PHILADELPHIA — This was supposed to be the NFL’s breather.
After an exhausting offseason, Thursday night’s 2018 season opener was a chance to shed the grime building up from months of tedious and unpopular rule alterations, policy discussions and the ever-present fear that politics were about to consume the landscape again.
The game was set up for entertainment: An Eagles team celebrating one of the biggest Super Bowl upsets of the last 25 years against Matt Ryan and Julio Jones. Prime-time placement amid a television landscape offering little outside of two brilliant women’s U.S. Open semifinal matches and the Antiques Roadshow. A horde of newly optimistic fantasy footballers and legal gamblers in the palm of the NFL’s hand, ready to watch for the first time in months.
And then, like it tends to do during the bad times, the skies opened up. A kickoff delayed almost an hour as thunder and lightning passing through the Philadelphia area bled into an atrocious first half. A befuddled Falcons offense folding at the goal line, and a puttering Eagles team led a quarterback who suddenly returned to earth. Sixteen penalties. No touchdowns in three combined red-zone trips. A team booed by their own fans, roughly 25 regular season minutes after dropping a World Championship banner.
Four minutes into the second half? A catch rule controversy. The first touchdown didn’t come until after 11 p.m. eastern time. More flags dotting the field like dying leaves. Had it not been for the eternal cheekiness of Eagles head coach Doug Pederson, calling the same quarterback reverse-throwback that Tom Brady dropped against Philadelphia in the Super Bowl, there may have been a revolt-by-apathy inside Lincoln Financial Field.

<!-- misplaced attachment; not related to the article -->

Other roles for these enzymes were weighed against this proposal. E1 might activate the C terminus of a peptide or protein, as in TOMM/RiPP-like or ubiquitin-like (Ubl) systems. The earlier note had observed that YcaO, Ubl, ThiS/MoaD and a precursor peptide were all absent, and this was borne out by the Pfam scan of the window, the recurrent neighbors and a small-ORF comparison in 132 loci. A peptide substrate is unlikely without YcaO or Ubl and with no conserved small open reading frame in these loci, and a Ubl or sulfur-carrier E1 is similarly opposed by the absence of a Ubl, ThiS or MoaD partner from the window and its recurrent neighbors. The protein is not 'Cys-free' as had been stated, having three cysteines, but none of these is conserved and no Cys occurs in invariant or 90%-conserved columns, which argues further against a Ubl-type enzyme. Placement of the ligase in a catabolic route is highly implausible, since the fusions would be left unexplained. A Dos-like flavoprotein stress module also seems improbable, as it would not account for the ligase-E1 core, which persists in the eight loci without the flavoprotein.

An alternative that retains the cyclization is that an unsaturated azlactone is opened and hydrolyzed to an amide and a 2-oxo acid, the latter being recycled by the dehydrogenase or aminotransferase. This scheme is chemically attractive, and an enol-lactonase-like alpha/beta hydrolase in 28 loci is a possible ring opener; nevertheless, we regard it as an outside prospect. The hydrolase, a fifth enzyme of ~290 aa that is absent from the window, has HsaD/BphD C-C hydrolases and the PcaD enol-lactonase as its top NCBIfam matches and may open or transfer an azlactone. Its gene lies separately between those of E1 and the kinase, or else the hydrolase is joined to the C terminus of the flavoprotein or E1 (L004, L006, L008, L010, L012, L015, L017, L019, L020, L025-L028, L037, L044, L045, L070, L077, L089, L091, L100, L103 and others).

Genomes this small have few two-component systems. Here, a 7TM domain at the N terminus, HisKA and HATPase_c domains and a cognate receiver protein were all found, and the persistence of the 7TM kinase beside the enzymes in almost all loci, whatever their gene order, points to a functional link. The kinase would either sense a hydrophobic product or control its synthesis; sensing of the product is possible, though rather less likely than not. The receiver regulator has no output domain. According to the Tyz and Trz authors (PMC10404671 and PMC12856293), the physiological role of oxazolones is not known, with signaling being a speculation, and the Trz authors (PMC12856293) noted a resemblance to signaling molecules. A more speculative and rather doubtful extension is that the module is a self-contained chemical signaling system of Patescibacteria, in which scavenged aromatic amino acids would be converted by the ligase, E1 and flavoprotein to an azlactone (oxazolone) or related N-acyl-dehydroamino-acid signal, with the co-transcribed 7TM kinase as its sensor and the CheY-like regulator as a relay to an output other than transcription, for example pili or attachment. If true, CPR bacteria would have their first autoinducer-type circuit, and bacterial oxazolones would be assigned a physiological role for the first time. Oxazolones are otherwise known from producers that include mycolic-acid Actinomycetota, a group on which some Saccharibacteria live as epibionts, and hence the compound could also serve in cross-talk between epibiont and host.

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And yet, an hour later, there the Falcons were, down by six with a chance to win it as time ran out. Atlanta had first-and-goal on the five-yard line with one second to go, and an illegal contact penalty draws them within one play of a miniature exorcism on the same goal line where their season ended a year earlier. In an empty backfield, Ryan stares down a phalanx of Eagles defenders all roaming around the goal line. Mohamed Sanu runs the pick route that would allow Jones to body up Ronald Darby. The ball lands in the grasp of the game’s best receiver and for a millisecond, we’re left wondering if Jones will land in bounds.
On Thursday night, there was so much brilliance baked into the grind. Watch Kamu Grugier-Hill hold after two monster hits to stonewall Devonta Freeman on an early fourth-and-goal to deny the Falcons of any points in their first red-zone trip. Watch Darren Sproles continue to defy physics and gravity and old age. Watch the way both Pederson and Falcons offensive coordinator Steve Sarkisian slowly tipped their hands at the type of innovations the league will be buzzing about this offseason.
Still, it was impossible to appreciate all that amid the notion that the preseason was still lingering; that whatever offseason these teams had is not enough to dismiss the notion that this was still a dress rehearsal, warts and all.
An admission: There is almost no way the game can satisfy us now, and we should admit that to ourselves. The league has gotten too good. Too big. Too fast. Too incredible. It feels maxed out. Our need for high-quality football is too high, and without a new drug, it will always feel a little like something that was better back then, when we were just a little bit younger.
After watching Thursday’s opener, no one can blame professional wrestling for scripting all the highwire jumps and heel turns. There is much less stress involved in debuting a product where everything is choreographed. There is no need for a breather.
The NFL managed to fend off the idea that this could be The Bad Year for one more week. Even in the ugliest moments, there is still a beauty that can’t be replicated. It won't be enough to sustain them all season, but sometimes, there are moments that can bring us back.